(i) Name of each individual catcher/processor, catcher vessel, mothership, stationary floating processor, or shoreside processing plant to which the invoice applies;

(ii) Dates of service for each observer on each catcher/processor, catcher Start Printed Page 50161vessel, mothership, stationary floating processor, or shoreside processing plant. Dates billed that are not observer coverage days shall be identified on the invoice;

(iii) Rate charged in dollars per day (daily rate) for observer services;

(iv) Total charge for observer services (number of days multiplied by daily rate);

(v) Amount charged for air transportation; and

(vi) Amount charged by the provider for any other observer expenses, including but not limited to: ground transportation, excess baggage, and lodging. Charges for these costs must be separated and identified.

(J) Other reports. Reports of the following must be submitted in writing to the Observer Program Office by the observer provider via fax or email:

(1) Within 24 hours after the observer provider becomes aware of the following information:

(v) Any information, allegations or reports regarding observer conflict of interest or failure to abide by the standards of behavior described at paragraph (j)(2)(i) or (j)(2)(ii) of this section, or;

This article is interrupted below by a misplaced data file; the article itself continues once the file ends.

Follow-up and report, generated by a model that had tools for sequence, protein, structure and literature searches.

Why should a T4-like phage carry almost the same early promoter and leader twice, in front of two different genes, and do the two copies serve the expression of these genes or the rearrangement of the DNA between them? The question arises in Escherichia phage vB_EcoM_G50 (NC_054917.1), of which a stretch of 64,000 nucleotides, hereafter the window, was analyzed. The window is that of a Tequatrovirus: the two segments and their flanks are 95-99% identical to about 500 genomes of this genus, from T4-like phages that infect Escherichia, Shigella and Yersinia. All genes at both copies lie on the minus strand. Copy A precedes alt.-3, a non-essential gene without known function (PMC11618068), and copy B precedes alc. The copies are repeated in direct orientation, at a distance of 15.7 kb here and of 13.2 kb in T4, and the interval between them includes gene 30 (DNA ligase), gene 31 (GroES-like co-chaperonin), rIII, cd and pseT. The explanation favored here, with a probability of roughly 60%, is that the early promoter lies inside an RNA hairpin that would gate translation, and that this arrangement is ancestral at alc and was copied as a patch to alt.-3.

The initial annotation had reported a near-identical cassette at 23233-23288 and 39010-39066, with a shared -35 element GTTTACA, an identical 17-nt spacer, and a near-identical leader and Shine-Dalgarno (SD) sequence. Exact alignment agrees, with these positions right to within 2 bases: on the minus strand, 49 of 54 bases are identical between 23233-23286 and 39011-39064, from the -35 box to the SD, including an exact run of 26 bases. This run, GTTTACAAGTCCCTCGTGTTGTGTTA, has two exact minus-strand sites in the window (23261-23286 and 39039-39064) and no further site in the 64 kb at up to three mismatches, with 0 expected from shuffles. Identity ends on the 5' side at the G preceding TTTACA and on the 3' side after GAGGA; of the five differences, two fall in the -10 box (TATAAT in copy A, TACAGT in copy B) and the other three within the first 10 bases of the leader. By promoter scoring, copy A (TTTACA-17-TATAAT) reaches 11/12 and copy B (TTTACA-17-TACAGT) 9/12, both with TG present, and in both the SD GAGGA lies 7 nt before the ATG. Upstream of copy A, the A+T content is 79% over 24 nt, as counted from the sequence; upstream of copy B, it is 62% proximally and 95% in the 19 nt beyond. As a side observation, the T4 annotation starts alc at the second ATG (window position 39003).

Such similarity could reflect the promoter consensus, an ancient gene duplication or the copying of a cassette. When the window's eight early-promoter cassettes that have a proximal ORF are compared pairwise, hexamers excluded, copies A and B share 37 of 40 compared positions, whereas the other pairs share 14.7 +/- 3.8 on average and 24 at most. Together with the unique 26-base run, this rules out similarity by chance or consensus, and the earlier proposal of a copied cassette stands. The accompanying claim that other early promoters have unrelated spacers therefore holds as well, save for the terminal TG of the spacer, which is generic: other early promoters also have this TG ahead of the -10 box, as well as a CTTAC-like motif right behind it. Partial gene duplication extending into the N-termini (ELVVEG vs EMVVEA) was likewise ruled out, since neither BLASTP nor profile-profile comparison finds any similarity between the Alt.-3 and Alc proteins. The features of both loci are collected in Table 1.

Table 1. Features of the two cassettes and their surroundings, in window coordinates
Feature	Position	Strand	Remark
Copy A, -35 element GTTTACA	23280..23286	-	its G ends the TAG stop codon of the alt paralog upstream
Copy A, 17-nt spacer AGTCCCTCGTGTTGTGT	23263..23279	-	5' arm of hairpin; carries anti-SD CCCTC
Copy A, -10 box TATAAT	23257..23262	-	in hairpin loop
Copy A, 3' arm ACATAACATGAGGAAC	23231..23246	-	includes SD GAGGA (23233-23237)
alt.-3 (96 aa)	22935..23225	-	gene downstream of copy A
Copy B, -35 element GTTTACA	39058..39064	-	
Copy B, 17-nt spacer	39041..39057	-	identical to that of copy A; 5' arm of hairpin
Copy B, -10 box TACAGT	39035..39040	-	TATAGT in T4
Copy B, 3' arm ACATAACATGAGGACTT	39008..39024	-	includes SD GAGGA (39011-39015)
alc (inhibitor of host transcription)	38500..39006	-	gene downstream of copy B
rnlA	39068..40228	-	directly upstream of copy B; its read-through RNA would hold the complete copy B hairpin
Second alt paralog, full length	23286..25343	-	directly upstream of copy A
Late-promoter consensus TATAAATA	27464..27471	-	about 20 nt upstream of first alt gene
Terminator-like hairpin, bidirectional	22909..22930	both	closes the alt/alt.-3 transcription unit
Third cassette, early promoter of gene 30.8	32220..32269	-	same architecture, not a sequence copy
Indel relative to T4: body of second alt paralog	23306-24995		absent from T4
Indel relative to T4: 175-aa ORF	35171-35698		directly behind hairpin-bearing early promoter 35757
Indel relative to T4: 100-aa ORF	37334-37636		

(2) Within 72 hours after the observer provider determines that an observer violated the observer provider's conduct and behavior policy described at paragraph (i)(2)(iii)(A) of this section; these reports shall include the underlying facts and circumstances of the violation.

(3) * * *

(i) Are authorized to provide observer services under an FMP for the waters off the coast of Alaska as required in this part, or scientific data collector and observer services to support NMFS-approved scientific research activities, exempted educational activities, or exempted or experimental fishing as defined in § 600.10 of this chapter.